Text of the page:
Northwest Storm to Hinder Search of Missing Skydiver

By Anthony Sagliani, Meteorologist
January 7, 2013; 7:43 PM ET
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According to the Associated Press, Kurt Ruppert went missing on Thursday afternoon following a botched skydiving jump from a helicopter at 6,500 feet.

Weather conditions on Thursday were clear in the area where Ruppert went missing, which searchers believe is in the vicinity of the 4,200-foot Mount Si (in the western foothills of the Washington Cascades).

Temperatures were in the 40s with a southeast wind blowing at 5-10 mph and good visibility -- perfect this time of year for skydiving.

After the jump, something went wrong and Ruppert's special suit, which allowed him to glide like a flying squirrel, took him well off course.

To make matters worse, neither the pilot nor the people he was jumping with on the ground saw where he deployed or what direction he went in.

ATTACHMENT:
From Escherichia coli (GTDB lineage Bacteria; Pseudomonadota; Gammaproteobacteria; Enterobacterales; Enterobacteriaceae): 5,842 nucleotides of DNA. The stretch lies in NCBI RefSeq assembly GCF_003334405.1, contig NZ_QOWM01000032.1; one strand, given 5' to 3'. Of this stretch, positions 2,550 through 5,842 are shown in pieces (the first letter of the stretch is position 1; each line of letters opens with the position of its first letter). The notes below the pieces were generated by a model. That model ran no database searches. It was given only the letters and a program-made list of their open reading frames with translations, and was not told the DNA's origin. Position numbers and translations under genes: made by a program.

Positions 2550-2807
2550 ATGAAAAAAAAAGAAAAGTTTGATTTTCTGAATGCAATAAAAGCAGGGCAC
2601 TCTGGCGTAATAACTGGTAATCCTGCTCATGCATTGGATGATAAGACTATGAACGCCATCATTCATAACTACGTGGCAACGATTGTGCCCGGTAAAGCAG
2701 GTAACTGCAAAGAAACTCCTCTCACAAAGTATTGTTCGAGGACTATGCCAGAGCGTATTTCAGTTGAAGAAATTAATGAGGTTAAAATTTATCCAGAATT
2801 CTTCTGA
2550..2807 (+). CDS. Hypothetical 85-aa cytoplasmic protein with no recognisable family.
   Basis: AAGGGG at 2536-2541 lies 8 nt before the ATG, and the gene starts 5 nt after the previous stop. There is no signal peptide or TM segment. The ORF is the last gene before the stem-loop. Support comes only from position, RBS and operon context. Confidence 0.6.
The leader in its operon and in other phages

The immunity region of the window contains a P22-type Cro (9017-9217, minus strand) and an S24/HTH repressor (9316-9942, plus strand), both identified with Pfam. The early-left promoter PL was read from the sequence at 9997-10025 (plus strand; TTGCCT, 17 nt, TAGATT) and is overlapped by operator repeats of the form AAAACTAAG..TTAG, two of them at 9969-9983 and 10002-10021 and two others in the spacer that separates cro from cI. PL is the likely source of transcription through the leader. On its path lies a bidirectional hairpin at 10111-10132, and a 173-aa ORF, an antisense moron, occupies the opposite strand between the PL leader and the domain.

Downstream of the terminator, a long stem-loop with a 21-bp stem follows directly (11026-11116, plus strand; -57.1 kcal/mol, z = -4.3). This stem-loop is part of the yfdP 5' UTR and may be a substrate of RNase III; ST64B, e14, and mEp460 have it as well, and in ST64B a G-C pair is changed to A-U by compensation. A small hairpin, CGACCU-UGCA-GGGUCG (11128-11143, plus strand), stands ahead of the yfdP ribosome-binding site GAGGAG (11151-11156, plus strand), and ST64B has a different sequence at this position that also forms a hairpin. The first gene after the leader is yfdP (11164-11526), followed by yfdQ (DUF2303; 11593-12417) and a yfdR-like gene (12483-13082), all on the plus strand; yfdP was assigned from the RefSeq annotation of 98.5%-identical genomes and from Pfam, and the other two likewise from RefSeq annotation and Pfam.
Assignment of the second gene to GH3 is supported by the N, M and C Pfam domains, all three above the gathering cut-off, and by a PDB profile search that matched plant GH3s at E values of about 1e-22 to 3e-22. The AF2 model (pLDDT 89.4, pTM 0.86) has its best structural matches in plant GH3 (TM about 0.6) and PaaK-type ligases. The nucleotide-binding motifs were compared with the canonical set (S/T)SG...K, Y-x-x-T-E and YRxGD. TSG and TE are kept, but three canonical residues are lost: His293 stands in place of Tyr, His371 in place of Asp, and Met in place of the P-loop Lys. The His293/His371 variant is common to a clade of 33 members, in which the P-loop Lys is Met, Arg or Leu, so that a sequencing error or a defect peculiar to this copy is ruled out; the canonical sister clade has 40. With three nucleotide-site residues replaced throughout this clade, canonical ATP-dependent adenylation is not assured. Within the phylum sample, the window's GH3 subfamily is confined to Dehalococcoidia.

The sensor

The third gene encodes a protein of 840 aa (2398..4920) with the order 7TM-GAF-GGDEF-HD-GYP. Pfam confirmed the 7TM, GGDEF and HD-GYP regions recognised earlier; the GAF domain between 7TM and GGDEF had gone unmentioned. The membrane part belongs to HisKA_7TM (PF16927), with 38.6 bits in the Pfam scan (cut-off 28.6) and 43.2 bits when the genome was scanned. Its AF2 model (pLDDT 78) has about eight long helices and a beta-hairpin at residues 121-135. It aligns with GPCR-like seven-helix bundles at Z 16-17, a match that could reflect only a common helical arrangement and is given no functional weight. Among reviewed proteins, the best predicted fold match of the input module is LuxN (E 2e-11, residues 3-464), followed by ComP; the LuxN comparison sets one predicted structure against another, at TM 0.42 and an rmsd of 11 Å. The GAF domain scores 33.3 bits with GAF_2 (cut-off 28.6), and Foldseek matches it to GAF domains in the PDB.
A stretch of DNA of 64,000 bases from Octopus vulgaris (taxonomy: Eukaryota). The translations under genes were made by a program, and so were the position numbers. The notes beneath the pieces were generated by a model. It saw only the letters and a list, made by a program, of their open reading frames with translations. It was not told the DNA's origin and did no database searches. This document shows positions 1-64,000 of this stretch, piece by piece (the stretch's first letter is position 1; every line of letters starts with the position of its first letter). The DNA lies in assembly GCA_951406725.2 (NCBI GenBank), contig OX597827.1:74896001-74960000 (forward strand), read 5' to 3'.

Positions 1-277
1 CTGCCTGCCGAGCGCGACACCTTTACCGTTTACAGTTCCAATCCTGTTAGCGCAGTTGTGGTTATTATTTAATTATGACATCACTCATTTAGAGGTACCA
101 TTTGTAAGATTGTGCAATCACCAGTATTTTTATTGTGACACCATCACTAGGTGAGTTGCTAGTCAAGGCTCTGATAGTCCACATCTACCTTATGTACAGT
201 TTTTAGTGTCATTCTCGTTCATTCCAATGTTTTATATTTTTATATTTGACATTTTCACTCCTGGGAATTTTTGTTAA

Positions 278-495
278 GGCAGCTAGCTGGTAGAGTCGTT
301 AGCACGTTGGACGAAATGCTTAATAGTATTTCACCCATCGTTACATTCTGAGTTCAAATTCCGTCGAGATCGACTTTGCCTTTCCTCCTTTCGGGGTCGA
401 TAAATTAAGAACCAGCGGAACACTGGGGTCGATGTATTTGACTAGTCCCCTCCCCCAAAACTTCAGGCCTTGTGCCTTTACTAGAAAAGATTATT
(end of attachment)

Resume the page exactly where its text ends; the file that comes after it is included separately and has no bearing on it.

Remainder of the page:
The Associated Press reports that about four-dozen people began looking for Ruppert later in the day on Thursday as a gentle rain settled over the sharp, rocky cliffs and hills making up the terrain of the area.

Unfortunately, the suit Ruppert is wearing is not meant to be a form of protection from cold and wet conditions.

A break in the rainy weather on Friday and Saturday allowed rescue crews to thoroughly search the tough terrain, covering as much ground as possible.

Another shot of rain moved into the region on Saturday night as rescue workers brought their search efforts to an end, coming up empty-handed again.

Mostly cloudy, cool and damp conditions followed for Sunday, but the weather is about to take a turn for the worse with a series of storm set to move through the Northwest Sunday night into Wednesday.

Rain will steadily increase Monday across western Washington and northwestern Oregon, home to Seattle and Portland, as one storm approaches. Additional rain will follow for Tueday.

Snow changing to rain is expected in the area where Ruppert when missing Sunday night with snow levels expected to be around 2,500 feet in the evening before rising to 7,000 feet Monday morning. Snow levels will drop down to around 4,500 feet by Monday evening.


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